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New York Retreats on Bail Reform Amid Coronavirus Outbreak

The state, which accounts for roughly one-third of all positive COVID-19 cases in the country, is facing a rapid spread of the disease in its jail and prison systems.

New York Governor Andrew Cuomo speaks at a press conference at the State Capitol on March 29.Photo by Barcroft Media/Getty Images.

Amid an unprecedented pandemic that has hit hardest in New York, the state legislature passed a rollback of its landmark bail reform law, a move that will potentially land many more people in jails and put them at increased risk of contracting COVID-19, and took no action on a number of other reform measures. 

The original bail reform bill, passed last year, barred New York judges from setting cash bail for most misdemeanors and nonviolent felonies. The Vera Institute for Justice estimated that the change would reduce the number of people sitting in New York jails, awaiting trial and unable to post bail, by at least 40 percent.

Now, embedded in this year’s state budget, which Governor Andrew Cuomo signed into law Friday, is a provision that makes more than a dozen additional crimes eligible for bail, including first-degree grand larceny, second-degree burglary if someone enters a home, and escape from custody. 

At a time when advocates have been calling for more people to be released from prisons and jails to protect their health and stem the spread of coronavirus, advocates worry that these changes will only lead to more people being incarcerated. 

The move “will cause grave injustice, disproportionately impact Black and Latinx people, and likely result in thousands of more people each day and tens of thousands each year locked in local jails across New York State,” according to a joint statement released Friday by criminal justice reform groups VOCAL-NY, the #HALTsolitary Campaign, Release Aging People in Prison Campaign, Parole Preparation Project, and Worth Rises. “[T]he so-called progressive Democratic legislators in New York State have taken no measures to protect people in their prisons and jails and will actually be increasing the number of people incarcerated,” they wrote. “This is unconscionable.”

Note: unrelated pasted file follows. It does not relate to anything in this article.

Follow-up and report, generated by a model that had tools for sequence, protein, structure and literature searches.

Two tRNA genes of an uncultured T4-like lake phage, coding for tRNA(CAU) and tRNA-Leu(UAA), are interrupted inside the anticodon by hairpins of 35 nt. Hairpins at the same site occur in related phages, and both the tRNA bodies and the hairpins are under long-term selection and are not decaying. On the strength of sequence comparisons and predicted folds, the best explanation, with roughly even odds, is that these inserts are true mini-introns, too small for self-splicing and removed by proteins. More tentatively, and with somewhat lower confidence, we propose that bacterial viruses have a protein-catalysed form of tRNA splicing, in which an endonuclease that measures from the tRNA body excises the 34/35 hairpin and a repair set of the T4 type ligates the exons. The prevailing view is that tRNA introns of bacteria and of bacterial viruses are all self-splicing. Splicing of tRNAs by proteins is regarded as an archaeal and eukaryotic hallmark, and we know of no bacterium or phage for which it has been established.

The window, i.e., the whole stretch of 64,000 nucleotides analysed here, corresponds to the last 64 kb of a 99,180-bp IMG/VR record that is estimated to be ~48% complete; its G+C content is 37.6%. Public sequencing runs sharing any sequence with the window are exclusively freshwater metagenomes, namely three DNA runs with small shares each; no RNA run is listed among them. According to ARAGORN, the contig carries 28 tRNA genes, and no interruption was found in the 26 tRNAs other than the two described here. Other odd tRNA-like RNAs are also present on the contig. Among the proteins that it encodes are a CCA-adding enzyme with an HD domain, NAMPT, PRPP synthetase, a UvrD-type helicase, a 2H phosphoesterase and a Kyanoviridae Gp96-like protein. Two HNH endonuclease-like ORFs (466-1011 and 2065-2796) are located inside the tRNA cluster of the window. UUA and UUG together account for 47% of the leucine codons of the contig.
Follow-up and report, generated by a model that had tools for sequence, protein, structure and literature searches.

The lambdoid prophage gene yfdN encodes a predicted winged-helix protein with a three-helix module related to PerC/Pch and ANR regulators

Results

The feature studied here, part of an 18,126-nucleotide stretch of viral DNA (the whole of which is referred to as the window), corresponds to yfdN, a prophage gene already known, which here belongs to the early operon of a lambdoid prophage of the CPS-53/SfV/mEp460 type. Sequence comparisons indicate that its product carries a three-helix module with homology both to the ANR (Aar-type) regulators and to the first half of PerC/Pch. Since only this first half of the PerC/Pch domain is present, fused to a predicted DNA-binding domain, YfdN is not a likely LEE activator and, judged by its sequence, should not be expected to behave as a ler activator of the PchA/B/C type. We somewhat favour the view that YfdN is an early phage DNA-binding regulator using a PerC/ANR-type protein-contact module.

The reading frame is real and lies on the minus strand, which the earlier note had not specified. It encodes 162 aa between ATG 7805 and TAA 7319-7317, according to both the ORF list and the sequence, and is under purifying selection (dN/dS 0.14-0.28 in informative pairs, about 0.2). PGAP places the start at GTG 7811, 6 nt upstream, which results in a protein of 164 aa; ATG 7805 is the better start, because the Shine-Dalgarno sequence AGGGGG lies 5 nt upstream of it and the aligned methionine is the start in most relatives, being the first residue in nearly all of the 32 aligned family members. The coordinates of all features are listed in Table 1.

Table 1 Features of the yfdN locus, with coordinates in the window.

At the same budget session, state lawmakers took no action on a number of criminal justice reform bills that have already been introduced, including the legalization of growing and using marijuana, voting rights and higher wages for people incarcerated in state prisons, and repeal of the “walking while trans” statute that criminalizes “loitering for the purpose of engaging in a prostitution offense” and has been disproportionately used against trans people.

On Sunday, Michael Tyson became the first prisoner in New York City to die of COVID-19. He had been jailed on a technical parole violation on Rikers Island, which, on Friday, had 239 positive cases of the disease, according to the Legal Aid Society.

On March 30, Juan Mosquero became the first person in the New York prison system to die after contracting COVID-19. He was being held at Sing Sing Correctional Facility, where 29 officers and six incarcerated people have tested positive. On Friday, advocates held a rally outside of Sing Sing in response to Mosquero’s death, echoing weeks-long calls for Governor Andrew Cuomo to grant emergency clemencies. As of Thursday, 18 incarcerated people and 122 corrections staff in New York State prisons have tested positive for COVID-19 , according to VOCAL-NY. 

Meanwhile, the New York Police Department has started to enforce measures meant to stem the spread of coronavirus. Three people were arrested in Brooklyn the weekend of March 28 after allegedly failing “to maintain social distancing,” according to court documents reviewed by The Intercept. One of the women who was arrested told The Intercept that officers who weren’t wearing masks took her to the local precinct and then to central booking. She was made to share a cell with two dozen other women for 36 hours, during which time an officer once distributed drops of hand sanitizer. After she was released, her employer refused to let her return to work for fear that she had been exposed to COVID-19 while in custody.

Cuomo has continued to call for more policing to enforce social distancing in the state, saying that the NYPD “has to get more aggressive,” and that he might enact a “social distancing law.”

In their statement Friday, advocates admonished lawmakers over their response to the crisis: “[T]hree months into this year’s legislative session, and over a month into the devastating coronavirus crisis, the only thing the fully Democrat-controlled New York State legislature has done this year related to the state’s racist carceral system is to increase the number of people in jails and prisons.”